Mother nature is dominating the economic headlines as yet another winter storm pounded the South Atlantic and Mid-Atlantic regions this week. The majority of the economic data that we discuss here is seasonally adjusted. That means that normal seasonal weather changes are accounted for. However, this winter, the weather has been much worse than normal for large areas of the country, including the Midwest and the East Coast, home to much of the U.S. population. Many national-level economic data series are being negatively impacted by the abnormal weather this winter season.
Other short-term negatives for the U.S. economy include the recent perturbations in equity markets that were reinforced by concerns with some small emerging economies. Dialing down QE may add to equity market volatility. Also, the strong run-up in inventories that we saw in the second half of 2013 cannot last and will likely result in an inventory correction in 2014.
Longer-term positives remain in place. House prices are on an upward course, supporting consumer spending. Major global economies are reinforcing each other in a synchronized global expansion. The two-year federal budget deal means less fiscal drag in 2014. Also, the political debate about the impending debt-limit has been resolved with no economic drag. Energy remains a fundamental positive story for the U.S. economy.
The Yellen Fed is stressing continuity and predictability in its early days. We expect ongoing tapering of QE this year in $10 billion increments unless economic data fail to renormalize after the big freeze out. Also, the Fed is de-emphasizing the 6.5 percent unemployment rate threshold for fed funds rate policy. We expect to cross through the unemployment threshold in the second quarter, while we maintain our view the first increase in the fed funds rate will come around mid-2015.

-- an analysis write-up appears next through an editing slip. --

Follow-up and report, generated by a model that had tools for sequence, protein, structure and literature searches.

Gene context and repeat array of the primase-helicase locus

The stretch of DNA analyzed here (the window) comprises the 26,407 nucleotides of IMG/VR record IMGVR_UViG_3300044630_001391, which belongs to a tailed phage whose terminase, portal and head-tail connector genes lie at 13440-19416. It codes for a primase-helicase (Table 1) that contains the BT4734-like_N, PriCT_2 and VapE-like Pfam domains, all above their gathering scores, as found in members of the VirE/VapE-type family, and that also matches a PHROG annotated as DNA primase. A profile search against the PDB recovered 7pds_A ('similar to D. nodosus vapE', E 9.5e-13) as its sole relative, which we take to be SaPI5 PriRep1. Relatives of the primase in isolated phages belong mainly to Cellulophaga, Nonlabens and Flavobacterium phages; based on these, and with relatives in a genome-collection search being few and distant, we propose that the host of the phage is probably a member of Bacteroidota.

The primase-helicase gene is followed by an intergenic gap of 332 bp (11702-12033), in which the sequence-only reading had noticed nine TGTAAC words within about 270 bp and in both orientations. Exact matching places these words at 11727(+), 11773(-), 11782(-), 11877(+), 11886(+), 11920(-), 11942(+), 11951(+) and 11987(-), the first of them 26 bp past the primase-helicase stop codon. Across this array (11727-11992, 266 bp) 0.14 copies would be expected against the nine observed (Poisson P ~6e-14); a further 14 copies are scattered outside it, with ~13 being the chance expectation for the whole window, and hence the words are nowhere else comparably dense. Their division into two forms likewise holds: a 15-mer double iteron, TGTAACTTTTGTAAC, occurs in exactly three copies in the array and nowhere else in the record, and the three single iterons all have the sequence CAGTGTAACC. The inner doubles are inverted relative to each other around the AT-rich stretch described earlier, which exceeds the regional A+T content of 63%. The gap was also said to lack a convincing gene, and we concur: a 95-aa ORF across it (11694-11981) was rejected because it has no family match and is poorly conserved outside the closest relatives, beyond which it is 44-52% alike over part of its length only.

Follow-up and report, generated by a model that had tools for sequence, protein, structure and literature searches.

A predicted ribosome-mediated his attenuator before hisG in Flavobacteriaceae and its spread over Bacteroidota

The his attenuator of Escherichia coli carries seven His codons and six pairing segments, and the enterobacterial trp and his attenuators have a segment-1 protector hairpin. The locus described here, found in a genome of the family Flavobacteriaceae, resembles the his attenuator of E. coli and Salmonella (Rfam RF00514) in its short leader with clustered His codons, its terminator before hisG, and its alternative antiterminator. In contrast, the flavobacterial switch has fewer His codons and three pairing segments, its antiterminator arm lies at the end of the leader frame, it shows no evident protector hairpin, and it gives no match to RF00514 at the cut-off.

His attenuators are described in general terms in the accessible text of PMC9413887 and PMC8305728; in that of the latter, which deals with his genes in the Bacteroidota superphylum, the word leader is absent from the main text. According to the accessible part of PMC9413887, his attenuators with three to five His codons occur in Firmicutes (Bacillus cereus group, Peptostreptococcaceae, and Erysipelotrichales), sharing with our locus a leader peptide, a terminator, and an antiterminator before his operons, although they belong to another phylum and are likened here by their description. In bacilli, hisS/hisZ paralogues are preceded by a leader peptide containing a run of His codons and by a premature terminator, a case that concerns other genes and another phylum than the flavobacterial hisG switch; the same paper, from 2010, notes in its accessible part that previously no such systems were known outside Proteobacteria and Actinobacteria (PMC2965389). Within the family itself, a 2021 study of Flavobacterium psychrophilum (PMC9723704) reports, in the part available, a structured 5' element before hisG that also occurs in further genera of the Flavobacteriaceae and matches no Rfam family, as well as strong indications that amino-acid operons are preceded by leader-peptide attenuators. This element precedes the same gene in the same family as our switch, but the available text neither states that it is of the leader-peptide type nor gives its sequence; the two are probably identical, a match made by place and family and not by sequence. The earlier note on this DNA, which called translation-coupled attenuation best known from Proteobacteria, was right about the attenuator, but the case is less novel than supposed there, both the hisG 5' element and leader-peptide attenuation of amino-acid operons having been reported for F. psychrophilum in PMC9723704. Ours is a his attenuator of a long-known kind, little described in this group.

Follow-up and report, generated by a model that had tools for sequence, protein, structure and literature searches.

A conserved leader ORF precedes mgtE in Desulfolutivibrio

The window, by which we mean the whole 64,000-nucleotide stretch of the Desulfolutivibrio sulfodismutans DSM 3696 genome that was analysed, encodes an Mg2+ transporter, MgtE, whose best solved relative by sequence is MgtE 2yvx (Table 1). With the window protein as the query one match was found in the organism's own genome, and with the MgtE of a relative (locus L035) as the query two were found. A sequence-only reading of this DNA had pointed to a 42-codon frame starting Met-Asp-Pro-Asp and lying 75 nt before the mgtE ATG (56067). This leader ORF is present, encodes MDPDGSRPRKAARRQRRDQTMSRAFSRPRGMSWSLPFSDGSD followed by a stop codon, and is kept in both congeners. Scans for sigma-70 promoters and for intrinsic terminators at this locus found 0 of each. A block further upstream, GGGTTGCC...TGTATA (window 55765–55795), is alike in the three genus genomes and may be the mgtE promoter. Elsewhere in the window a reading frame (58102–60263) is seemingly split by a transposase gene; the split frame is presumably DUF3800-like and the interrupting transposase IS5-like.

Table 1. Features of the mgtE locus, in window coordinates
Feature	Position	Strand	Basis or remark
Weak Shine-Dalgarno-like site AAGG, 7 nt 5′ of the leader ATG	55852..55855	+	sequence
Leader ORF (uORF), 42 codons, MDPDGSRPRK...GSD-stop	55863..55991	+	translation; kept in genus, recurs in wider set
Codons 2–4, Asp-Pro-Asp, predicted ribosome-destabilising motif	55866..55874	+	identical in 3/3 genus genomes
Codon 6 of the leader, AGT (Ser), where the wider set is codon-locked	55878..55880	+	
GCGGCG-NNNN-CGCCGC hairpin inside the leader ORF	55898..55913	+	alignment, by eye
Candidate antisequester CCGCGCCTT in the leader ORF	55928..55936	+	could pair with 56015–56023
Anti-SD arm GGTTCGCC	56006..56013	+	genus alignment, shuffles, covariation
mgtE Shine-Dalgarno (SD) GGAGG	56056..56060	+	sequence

Industrial production for January dipped by 0.3 percent. Utility output surged by 4.1 percent but that was overwhelmed by a 0.8 percent decline in the larger manufacturing sector. Auto assemblies declined by seven percent in January.
Retail sales fell by 0.4 percent in January. Weak auto sales were a key component. Unit auto sales fell from an already subdued 15.4 million unit pace in December to 15.2 million in January. The dollar value of retail sales for autos and parts declined by 2.1 percent in January. Building materials and supplies sales were the positive standout for January, up 1.4 percent….salt and snow shovels.
Initial claims for unemployment insurance increased by 8,000 to hit 339,000 for the week ending February 8. Initial claims have been erratic this winter, but it does look like the trend has leveled out in recent weeks after declining through the first half of 2013. Continuing claims increased late last year but now appear to be declining. The rollback of extended unemployment benefits will put downward pressure on continuing claims.
Consumer sentiment was steady in early February, according to the University of Michigan index. Consumers appear to have more positive expectations for the U.S. economy.
For a PDF version of the Comerica Economic Weekly, including forecast tables and the variables calendar, click here: CMAEconWeekly021414.